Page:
In the case presented on dermal sarcoma, it would have been better to first do a biopsy on a portion of the lesion. As presented, primary excision before knowing the biology of the lesion is not optimal. Histologic findings not only identify that the neoplasm is malignant, but a biopsy can give important information as to the aggressiveness of the tumor. As such, it is better left in the patient until that info is known. When excised primarily, only to find out it was malignant afterwards, this presents problems for wide excision planning. What may have been a conservative but complete excision now has to be expanded to a much wider surgical field as the tumor margins are now not reliably identifiable. On feet, this may create the need for an otherwise unnecessary amputation or need for free flap.


Additionally, patients need to be staged before complete excision. Definitive local surgery planning will often change if the patient has been found to have metastases. Lastly, some tumors require local radiation and/or chemo before definitive surgery is performed. The best way to go in a case like this is an initial biopsy. If benign, planning for excision is easy and straightforward. If malignant, referral to a university/hospital-based sarcoma treatment team with tumor intact is optimal.


Bryan C. Markinson, DPM, NY, NY



From: Brian Kiel, DPM, Dave Williams, DPM


I have had good results using Topaz on the Achilles as well as plantar fascia. Over a period of time, I have devised a technique that works well. 


Brian Kiel, DPM, Memphis, TN


Surgery may still be an option, and you do not have to transect the Achilles tendon for good results. O.A. Mercado, DPM made a series of surgical instructional DVDs entitled, “The Art of Surgery.” He has 2 specific DVDs dedicated to Haglund’s deformity and calcified tendo-Achilles. I  recommend the series. He is a wonderful teacher.


Dave Williams, DPM, El Paso, TX



From: Andrew Cassidy, DPM


I have found that not all physical therapy is the same. For a small spur like this, I suggest PT do aggressive soft tissue mobilization (it’s supposed to hurt but not be worse the next day) combined with phonophoresis (ultrasound with 10% hydrocortisone in the ultrasonic gel that can be compounded), as well as stretching protocols and eccentric loading exercises, maybe combined with a CAM walker.


If this fails, I would surely consider trying a growth factor, or stem cell injection in lieu of surgery. I have had many patients that failed conservative measures get complete resolution of pain with the use of biologics, which I would use in the form of PRP intra-operatively as well. The spur has been around longer than the pain. Be sure to treat the patient, not the x-ray.   


Andrew Cassidy, DPM, Austin, TX



From: Robert Greenhagen, DPM


Similar to plantar enthesophytes, too much credence is given to the presence of the spur. The majority of the pain is due to the soft tissue contracture/tendon irritating the boney insertion. This is the nature of all enthesopathies.  


Tallerico, et al. demonstrated that an isolated gastrocnemius recession addressed the condition regardless of the presence or absence of a posterior spur. AOFAS scores were demonstrated to be equal to that of our double row fixation (suture bridge) study that was published in 2013. This treatment option provides a low risk of complications and allowed the patients to be weight-bearing as tolerated in a walking boot immediately after surgery.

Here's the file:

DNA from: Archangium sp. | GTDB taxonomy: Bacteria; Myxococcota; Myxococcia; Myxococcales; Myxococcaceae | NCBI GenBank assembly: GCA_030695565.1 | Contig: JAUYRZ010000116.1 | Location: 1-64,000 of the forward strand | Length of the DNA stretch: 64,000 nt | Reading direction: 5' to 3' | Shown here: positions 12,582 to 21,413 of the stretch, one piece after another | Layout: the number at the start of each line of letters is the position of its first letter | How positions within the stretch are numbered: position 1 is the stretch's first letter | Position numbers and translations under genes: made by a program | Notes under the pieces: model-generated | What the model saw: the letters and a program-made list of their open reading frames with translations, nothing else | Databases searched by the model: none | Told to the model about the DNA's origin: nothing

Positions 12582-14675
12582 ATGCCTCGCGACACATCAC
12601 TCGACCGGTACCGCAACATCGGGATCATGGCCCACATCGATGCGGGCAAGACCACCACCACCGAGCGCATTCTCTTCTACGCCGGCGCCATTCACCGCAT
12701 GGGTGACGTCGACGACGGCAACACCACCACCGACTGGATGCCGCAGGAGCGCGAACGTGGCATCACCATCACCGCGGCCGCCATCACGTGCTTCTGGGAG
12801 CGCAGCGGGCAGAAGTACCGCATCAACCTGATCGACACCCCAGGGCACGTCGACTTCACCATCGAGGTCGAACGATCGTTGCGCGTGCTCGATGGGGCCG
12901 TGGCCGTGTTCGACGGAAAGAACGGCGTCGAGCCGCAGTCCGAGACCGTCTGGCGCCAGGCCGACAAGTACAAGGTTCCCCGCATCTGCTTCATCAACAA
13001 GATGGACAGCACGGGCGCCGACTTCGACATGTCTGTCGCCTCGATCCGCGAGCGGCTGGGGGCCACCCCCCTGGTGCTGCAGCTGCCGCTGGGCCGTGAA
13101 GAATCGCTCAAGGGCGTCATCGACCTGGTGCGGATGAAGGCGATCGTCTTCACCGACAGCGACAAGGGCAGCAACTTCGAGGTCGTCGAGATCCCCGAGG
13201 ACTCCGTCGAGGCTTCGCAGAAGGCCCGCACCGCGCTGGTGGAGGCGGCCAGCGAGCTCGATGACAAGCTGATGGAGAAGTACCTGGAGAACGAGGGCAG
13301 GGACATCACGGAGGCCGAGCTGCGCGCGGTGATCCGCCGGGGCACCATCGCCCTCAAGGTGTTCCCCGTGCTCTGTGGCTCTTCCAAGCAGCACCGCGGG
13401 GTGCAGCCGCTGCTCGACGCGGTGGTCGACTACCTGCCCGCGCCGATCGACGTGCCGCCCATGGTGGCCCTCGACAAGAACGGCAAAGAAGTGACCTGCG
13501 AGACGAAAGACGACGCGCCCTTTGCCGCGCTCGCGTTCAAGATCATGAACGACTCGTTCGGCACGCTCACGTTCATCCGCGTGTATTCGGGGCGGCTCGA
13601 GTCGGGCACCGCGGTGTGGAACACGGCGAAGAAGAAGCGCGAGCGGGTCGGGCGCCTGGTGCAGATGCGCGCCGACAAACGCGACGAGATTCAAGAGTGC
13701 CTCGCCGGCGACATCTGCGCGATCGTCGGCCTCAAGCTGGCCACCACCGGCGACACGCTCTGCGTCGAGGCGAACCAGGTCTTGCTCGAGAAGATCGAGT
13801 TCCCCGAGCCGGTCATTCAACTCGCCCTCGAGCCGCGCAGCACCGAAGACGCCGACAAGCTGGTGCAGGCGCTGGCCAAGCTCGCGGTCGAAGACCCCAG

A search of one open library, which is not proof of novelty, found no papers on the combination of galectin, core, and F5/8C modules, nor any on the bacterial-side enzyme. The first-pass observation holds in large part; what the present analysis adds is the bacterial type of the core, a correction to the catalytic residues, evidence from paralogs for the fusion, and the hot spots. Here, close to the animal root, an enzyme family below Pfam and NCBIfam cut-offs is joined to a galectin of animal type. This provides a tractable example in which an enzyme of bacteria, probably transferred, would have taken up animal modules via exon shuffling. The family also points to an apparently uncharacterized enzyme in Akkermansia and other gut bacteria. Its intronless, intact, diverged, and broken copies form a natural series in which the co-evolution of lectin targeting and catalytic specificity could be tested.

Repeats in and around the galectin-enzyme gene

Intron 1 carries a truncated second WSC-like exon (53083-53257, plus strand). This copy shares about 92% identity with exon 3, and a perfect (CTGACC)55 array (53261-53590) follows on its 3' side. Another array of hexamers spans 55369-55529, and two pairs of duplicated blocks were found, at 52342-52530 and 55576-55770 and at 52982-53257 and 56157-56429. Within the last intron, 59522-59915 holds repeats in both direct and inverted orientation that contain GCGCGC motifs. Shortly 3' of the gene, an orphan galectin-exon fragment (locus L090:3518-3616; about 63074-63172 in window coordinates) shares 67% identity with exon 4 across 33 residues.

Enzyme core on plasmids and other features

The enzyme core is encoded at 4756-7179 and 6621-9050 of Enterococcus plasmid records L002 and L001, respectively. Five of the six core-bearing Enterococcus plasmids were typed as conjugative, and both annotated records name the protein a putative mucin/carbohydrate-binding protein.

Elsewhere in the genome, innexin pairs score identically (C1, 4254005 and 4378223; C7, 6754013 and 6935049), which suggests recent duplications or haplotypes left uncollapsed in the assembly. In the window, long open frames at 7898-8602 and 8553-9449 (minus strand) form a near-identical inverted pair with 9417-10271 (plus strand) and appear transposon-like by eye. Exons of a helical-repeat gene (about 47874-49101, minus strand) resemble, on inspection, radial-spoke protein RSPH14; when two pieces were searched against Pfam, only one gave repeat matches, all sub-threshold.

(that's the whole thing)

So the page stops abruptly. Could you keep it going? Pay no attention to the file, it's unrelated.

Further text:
I was fortunate to assist in both studies and have used the isolated gastrocnemius recessions for treatment of posterior pain for the majority of my patients. The origin of the gastrocnemius study was an elderly patient who was not a good candidate for the suture bridge repair of the Achilles. More recently, I have also used PRP injections to the insertion in combination with the gastrocnemius recession.


Robert Greenhagen, DPM, Omaha, NE



From: Paul Clint Jones, DPM, Thomas Graziano DPM, MD


The quick way to triangulate the intra-tendinous ossicle is to use a 25 gauge needle to probe the tendon intra-operatively to locate the mass, then dissect the mass free. If there is too much of the tendon missing following the ossicle removal, then doing a split tendon autograft works nicely. This is a technique developed by John Mozena, DPM. I made an animation that shows the technique nicely.  


Paul Clint Jones, DPM, Portland, OR


I recommend you refer this patient out to someone who regularly performs this procedure. No magical mystery cures for this condition. The Achilles tendon needs to be detached, ostectomy performed with Achilles tenodesis. The newer fixation techniques for Achilles tenodesis are excellent and provide exceptional stability and repair.  


Thomas Graziano DPM, MD, Clifton, NJ



From: James Nuzzo, DPM, Matthew Andrews, DPM


I have been successful on a number of occasions entering the area laterally and incising the tendo-Achilles longitudinally, removing the spur without detaching the tendon completely, maybe sometimes partially, It negated the potential for using an anchor to re-attach the tendon Achilles. It is of course important to make sure that the intrinsic presence of the spur is causing the pain.


James Nuzzo, DPM, Mount Prospect, IL